@Smurfton That's not too big a deal though, depending. The crazy part is, well, you're blind and a good distance away. Narratively, it's pretty unreasonable you'll even know where you're aiming. (Making the "in my sights" advantage very strange, and probably unjustifiable.)
For me, "system" is the text (in the literary theory sense): not just the rules, but the agreed-upon reference which guides the game. It includes the manual's explanation of its philosophy, if it has any, and house rules, and so forth. A group will individually choose what its text is. Most groups which use a particular publication will assume they share the majority of the text with other groups using the same publication--which lets us talk to each other, but can lead to miscommunications.
But for RPG.SE answers, we only have the published source material as common system texts and it's really hard to give answers which draw on outside system texts--that's why Back It Up is so important, like requiring experience-based insights.
@Smurfton Total cover is being behind something, such that you can't draw a straight line from creature A to creature B without touching anything but air. This blocks line of effect, but isn't necessarily concealment, which blocks line of sight.
[pokes ToC adventure] Really, adventure? Only one guy on the ship is from Arkham, and he's the bad guy? Really? There's separation of player and character knowledge, and then there's poking suspension of disbelief with pointy sticks.
[changes the town]
(There's no reason for his association with Arkham in the narrative, except that it's a Mythos story and Arkham is a Mythos town.)
@Smurfton By contrast NetHack gives me ample food most of the time, and the hard decision is just how much to carry because it's heavy... and my deaths are mostly of my own folly, or occasionally encountering a far too difficult monster without a means to escape.
This is a great adventure, but it's got too much busywork and it couldn't figure out a graceful way to let the investigators piece the story together themselves so it shoves an awkward exposition dump into the second act.
And personally, I have no interest in giving the investigators a fair chance of figuring out the whole story at all.
I much prefer my Mythos horror to end with "Hooray! We stopped... a... thing... probably? Our brains aren't melting anymore, anyway. Take the win."
> "Any alien encounter you don't wind up dead or probed, take the win." - Peacemaker, Blue Beetle 13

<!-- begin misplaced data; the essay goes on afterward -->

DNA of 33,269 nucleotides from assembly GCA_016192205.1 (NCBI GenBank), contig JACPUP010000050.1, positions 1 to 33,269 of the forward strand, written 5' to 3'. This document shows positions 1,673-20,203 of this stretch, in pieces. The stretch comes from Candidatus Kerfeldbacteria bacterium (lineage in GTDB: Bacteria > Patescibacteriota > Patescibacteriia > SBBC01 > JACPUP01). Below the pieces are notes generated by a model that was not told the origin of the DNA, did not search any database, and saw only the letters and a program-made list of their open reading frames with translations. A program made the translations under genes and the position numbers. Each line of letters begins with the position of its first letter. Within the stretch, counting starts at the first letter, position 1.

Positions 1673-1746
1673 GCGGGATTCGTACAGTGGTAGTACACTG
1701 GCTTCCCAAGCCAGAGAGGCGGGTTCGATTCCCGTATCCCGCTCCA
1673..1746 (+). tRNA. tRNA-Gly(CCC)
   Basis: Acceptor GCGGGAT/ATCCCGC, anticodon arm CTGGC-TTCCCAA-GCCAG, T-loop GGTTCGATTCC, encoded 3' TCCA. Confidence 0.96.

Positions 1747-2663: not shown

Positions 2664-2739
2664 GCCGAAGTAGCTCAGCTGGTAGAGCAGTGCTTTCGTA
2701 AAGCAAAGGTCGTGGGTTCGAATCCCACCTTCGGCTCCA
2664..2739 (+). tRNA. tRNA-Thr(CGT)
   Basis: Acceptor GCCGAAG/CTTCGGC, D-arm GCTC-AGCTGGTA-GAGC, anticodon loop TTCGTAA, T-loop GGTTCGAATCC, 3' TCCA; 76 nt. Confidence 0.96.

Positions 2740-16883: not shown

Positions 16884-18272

If a party could possibly have no resources that refresh in anything more than a few hours, rewarding XP only in encounters in which resources measured in days or wealth have been consumed is not a good plan.
@Lord_Gareth Last time I took my players somewhere truly extradimensional, it was in a 4e game, and the Far Realm looked like an Arizona desert oasis with blood instead of water, where the air was filled with tentacled bubbles.
@trogdor I agree with this, I've read one or two of his books and rather than actually being scary he just told me I should be scared. He'd describe mountains as scary by just throwing a load of adjectives at them saying how scary they are - not by actually describing them in a way that made me reach the conclusion myself that they are scary.
The problem with his work--and definitely with many of the authors who follow in his footsteps-- often comes from over explaining, or showing too much.
This is something I'm taking issue with in the adventure I'm re-working: by explaining what's going on, it makes the events understandable and even mundane.
When you're told the horrific events you're experiencing are just the interdimensional equivalent of coaxing a couple of pandas to mate, it loses that "atmosphere of breathless and unexplainable dread of outer, unknown forces."
I'm afraid of Yog-Sothoth when he's holding an inseminator, but it's not a cosmic fear.
I discovered that RPG.SE apparently follows the policy that if the question changes, answers get deleted and then un-deleted if they update, as opposed to if the question changes, asking another question.
The word policy meaning "that is what a mod did" in this case
Tonight, the party prepared to kill the Warden hunting them. Then he reminded them that his death would bring the wrath of the White Council on the island, and said if they refused to surrender he'd call the feds to arrest everyone on the island for collusion with the gang based there.
So they faked their deaths in a massive explosion.